The town of Suceava covers two types of geographical areas, the hills (of which the highest is Zamca Hill) and the meadows of the Suceava river valley. The unique setting of the urban settlement includes two groves, Zamca and Șipote, which are both located within the town's limits.

Burdujeni, one of the town's neighbourhoods, is connected to the rest of the town by a prominent avenue, which makes the neighbourhood appear as a separate satellite town.

Suceava is also crossed by Mitocu and Dragomirna rivers in Ițcani.

Climate

The town of Suceava has a temperate continental climate which is typical to Central and Eastern Europe. In addition, the yearly weather can be described with short springs, usually moderately warm summers as well as prolonged autumns and winters.

Demographics

Historical data for the town proper

The Austrian census of 1869, which recorded only population in absolute numbers (bereft of ethnicity or religion), indicated that then small town of Suceava had a total population of 7,450 permanent inhabitants. The Austrian census of 1880 indicated that the town of Suceava had a total population of 10,104, of which 5,862 were Germans (i.e. Bukovina Germans), 2,652 Romanians, 441 Ruthenians, and 784 inhabitants belonging to other ethnic groups.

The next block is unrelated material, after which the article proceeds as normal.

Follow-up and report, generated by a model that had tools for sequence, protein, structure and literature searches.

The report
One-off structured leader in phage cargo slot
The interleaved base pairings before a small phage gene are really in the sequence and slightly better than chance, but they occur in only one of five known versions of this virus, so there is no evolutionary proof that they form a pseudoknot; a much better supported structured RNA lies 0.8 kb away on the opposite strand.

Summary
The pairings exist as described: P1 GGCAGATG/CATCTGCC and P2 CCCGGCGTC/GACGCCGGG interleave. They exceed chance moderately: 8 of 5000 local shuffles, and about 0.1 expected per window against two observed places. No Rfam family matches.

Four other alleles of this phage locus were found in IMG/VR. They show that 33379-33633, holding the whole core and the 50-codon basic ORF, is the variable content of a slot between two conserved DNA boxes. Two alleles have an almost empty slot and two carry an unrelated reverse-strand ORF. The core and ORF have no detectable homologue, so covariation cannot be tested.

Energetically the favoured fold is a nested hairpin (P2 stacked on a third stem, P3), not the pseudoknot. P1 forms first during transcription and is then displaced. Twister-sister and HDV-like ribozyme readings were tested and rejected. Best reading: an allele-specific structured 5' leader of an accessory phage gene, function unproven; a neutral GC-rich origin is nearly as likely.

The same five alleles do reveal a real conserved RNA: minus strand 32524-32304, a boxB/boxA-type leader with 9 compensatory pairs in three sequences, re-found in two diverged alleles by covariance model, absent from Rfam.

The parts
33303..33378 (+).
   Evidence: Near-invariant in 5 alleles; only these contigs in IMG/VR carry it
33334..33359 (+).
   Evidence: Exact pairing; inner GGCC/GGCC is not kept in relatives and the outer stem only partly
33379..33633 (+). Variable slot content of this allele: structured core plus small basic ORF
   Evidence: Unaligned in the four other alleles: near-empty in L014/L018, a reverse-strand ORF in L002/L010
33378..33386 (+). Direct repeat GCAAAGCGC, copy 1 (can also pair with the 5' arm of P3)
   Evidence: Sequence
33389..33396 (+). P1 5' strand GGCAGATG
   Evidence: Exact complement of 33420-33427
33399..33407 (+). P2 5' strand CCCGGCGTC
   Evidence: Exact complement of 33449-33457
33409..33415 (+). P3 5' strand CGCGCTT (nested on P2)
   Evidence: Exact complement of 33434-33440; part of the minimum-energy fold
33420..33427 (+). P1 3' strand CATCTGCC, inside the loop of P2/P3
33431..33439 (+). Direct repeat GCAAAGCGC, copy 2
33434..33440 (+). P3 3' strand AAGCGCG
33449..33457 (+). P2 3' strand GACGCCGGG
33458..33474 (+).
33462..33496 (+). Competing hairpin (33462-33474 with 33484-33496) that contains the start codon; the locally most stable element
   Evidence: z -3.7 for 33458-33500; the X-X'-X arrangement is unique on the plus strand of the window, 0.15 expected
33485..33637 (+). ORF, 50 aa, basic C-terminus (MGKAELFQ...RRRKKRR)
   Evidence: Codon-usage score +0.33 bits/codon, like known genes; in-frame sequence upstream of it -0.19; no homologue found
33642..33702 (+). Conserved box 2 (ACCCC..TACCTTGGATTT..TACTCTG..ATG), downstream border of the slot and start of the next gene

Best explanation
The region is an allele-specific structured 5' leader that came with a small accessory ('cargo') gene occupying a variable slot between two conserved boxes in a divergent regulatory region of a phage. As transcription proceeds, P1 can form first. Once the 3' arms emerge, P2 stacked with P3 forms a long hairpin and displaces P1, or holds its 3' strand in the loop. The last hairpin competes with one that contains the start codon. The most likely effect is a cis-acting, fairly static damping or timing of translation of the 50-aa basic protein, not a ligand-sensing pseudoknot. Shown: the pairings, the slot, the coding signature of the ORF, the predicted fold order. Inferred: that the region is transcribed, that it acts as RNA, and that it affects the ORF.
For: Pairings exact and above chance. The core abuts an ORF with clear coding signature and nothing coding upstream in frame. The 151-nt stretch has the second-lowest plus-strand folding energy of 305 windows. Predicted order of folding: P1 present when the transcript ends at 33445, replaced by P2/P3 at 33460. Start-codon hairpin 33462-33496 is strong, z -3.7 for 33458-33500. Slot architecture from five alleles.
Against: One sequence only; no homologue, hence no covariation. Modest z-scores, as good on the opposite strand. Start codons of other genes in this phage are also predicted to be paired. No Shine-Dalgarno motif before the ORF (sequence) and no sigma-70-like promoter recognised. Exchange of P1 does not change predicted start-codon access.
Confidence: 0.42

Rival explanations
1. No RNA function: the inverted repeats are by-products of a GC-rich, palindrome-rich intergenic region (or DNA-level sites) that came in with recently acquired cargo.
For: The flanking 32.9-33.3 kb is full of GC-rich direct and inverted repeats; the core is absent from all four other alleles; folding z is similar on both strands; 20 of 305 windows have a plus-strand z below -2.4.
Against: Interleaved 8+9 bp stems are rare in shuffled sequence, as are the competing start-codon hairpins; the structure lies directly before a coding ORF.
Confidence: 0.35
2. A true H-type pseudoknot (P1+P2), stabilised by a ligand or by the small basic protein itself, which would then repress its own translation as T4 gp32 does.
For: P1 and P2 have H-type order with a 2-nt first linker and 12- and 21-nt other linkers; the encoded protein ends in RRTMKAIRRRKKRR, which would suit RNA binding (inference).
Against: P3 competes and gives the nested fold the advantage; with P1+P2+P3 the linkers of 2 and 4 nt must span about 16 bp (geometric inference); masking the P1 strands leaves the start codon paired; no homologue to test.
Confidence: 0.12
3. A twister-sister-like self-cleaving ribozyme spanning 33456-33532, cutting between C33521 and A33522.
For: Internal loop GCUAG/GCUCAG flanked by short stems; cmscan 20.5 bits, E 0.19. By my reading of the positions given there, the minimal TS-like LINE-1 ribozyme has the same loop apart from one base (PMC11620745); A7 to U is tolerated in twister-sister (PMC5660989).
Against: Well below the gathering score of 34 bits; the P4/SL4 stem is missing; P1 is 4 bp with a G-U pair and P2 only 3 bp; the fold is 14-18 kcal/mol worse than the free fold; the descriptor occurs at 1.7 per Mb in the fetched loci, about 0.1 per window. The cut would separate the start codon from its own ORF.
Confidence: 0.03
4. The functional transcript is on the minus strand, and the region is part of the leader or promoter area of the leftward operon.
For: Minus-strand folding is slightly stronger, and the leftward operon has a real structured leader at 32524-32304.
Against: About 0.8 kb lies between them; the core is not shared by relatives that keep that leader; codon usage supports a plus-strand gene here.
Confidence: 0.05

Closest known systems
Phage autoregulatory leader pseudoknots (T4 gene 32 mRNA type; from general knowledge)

The Austrian census of 1890 indicated that the town of Suceava had a total population of 10,221, of which 5,965 were Germans (i.e. Bukovina Germans), 2,417 Romanians, 644 Ruthenians, and 905 inhabitants belonging to other ethnic groups.

In 1900, when the town was still under Imperial Austrian administration, its total population amounted to 10,955 inhabitants. Of those, 61.5% declared their native language to be German (i.e. Hochdeutsch), followed by Romanian with 25.38%, and Ruthenian (or Ukrainian) with 5.46%. 20 years later, when the town had already switched to the Kingdom of Romania, the 1930 Romanian census recorded a population that amounted to c. 17,000 inhabitants with the following ethno-linguistic composition:

  • Romanians: 61.5%
  • Jews: 18.7%
  • Germans (i.e. Bukovina Germans): 13.9%
  • Poles: 2.6%
  • Other ethnic groups (most notably Lipovans, Ukrainians, Hungarians, and Armenians): 3.3%